Reflections after seeing I Am Not Your Negro

I am a woman born in the mid-20th century in Northern Europe.  I am not African, Middle Eastern, Asian, nor am I Christian.  I saw the biographical film about James Baldwin last night with two friends at the Women's Museum in San Diego.  It drove home the truth of the past and present situation in the United States once again: a dire, systematic, brutal, oppressive, constant, blinding, discordant subjugation of some of our people by others of our people.

The awareness and realization that nothing will change unless and until we (you and I) change came home deep inside me once again.  I'd read James Baldwin, Richard Wright, and Eldridge Cleaver when I was a kid and smugly thought I understood, with dollops of compassion, what the black experience was.  I cannot, nor will I ever, know the reality of living in the United States since it was founded on principles of racism and subjugation, with those in power (and living in terror of the loss of that power) needing to believe that their fellow human beings with a skin color other than theirs are inferior beings, more akin to animals than humans.

Much of my focus over my lifetime has been an attempt to understand 'the other' as I do myself. Being an outsider helped me do this, however awkward and uncomfortable. It's important to be uncomfortable and hard.  My discomfort is nothing compared to those who don't have a choice, but are "othered" their entire lives.  I can slip in and out of ease, with ease.  

My privilege...I believe I've inherited privilege and ignorance of that privilege.  However much my attention and examination goes to my biases, I'm sure I have more that I'm unaware of.  Such is the nature of being a white female, I guess.  But I can try!

Angst and the Spiritual Doldrums

Angst: 

a feeling of anxiety, apprehension, or insecurity (teenage angst), according to Mirriam Webster.  

Spiritual: 

  1. of, relating to, consisting of, or affecting the spirit :  incorporeal spiritual needs

  2. a. of or relating to sacred matters spiritual songs b :  ecclesiastical rather than lay or temporal spiritual authority lords spiritual

  3. concerned with religious values

  4. related or joined in spirit our spiritual home his spiritual heir

  5. a. of or relating to supernatural beings or phenomena b :  of, relating to, or involving spiritualism :  spiritualistic

Doldrums: 

  1. a spell of listlessness or despondency fighting off the winter doldrums

  2. often capitalized, oceanography :  a part of the ocean near the equator abounding in calms (see 1 calm 1b), squalls, and light shifting winds

  3. a state or period of inactivity, stagnation, or slump out of the economic doldrums

So, lately and uncharacteristically, I'm waking up feeling sad, anxious, listless, disconnected and dispirited.  I think these three definitions pull together the sense of what's going on with me pretty accurately.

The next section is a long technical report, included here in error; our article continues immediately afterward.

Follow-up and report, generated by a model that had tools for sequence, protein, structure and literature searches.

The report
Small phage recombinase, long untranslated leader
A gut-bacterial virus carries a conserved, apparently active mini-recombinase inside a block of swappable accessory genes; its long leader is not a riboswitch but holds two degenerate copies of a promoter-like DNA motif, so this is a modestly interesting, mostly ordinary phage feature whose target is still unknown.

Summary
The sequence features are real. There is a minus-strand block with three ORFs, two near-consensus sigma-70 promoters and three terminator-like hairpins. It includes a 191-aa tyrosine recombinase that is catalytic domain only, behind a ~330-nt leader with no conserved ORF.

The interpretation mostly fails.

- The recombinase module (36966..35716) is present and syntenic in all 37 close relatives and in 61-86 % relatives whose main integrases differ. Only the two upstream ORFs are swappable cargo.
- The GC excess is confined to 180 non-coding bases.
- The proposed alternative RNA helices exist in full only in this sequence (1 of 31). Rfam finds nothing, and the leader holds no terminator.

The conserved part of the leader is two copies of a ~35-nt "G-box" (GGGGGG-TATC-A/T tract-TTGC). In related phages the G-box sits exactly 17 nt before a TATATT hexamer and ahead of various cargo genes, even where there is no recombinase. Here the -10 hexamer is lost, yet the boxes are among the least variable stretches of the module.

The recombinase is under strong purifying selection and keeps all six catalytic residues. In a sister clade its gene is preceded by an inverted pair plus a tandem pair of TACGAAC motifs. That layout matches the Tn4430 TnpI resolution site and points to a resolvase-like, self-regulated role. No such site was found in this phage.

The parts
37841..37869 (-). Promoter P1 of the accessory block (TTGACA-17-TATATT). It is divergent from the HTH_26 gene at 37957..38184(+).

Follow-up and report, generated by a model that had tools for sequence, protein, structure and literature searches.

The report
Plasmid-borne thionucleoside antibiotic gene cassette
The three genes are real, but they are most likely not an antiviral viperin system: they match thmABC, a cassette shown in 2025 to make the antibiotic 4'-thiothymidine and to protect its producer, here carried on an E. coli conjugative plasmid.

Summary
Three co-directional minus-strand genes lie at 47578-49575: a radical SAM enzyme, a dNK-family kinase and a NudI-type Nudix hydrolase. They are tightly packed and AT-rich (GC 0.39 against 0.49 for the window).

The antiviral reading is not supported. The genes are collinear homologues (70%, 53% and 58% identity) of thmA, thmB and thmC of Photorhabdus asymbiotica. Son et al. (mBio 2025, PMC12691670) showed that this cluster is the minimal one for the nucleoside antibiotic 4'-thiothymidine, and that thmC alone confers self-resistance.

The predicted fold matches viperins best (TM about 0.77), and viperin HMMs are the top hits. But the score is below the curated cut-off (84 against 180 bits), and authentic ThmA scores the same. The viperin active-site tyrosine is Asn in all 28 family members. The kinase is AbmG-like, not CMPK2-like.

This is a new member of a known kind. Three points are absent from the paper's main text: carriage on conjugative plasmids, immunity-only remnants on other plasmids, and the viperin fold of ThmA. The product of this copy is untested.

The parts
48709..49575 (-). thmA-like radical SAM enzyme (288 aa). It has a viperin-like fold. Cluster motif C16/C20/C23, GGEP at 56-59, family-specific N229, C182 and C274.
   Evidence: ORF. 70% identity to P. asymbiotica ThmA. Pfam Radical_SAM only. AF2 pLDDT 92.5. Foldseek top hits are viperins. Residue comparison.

I went to the Impeachment March in downtown San Diego yesterday and immediately saw the group of men and women (boys and girls, really) who were gathered on one end and looked like they were ready to rumble.  Things moved along and got louder and louder, with oppositional forces coming into close contact.

I'm very frightened that the vitriol, the happiness displayed by the agitators who were pro-Trump, anti-impeachment... no - the glee on their faces at making an impact that schoolyard bullies must feel ...has brought me to an even deeper sense of worry and - yes - angst.  There was no way to make them shut off their bullhorns that ended up just squawking to drown out the speakers.  It was the opposite of inspiring, and it worked on me.  I left. I couldn't take the feelings of outrage, inability to effectively communicate, the impossibility of engagement or connection.  

I'm not feeling very hopeful today, so I'm making ice cream.  Peach and strawberry ice cream.  

 

SD Art Institute Intersectional Feminism Panel 3-6-17

Intersectionality, as coined by professor Kimberlé Crenshaw in 1989, is the “The view that women experience oppression in varying configurations and in varying degrees of intensity. Cultural patterns of oppression are not only interrelated, but are bound together and influenced by the intersectional systems of society. Examples of this include race, gender, class, ability, and ethnicity.”

Panelists include:
1. Melinda Guillen
2. Artemisa Clark
3. Angie Jennings
4. Eunsong Kim
5. Jillian Hernandez
6. Andrea Chung
7. Maria Mathioudakis

Intro

First speaker

Second speaker

Third speaker

Fourth speaker

Fifth speaker

Sixth speaker

Seventh speaker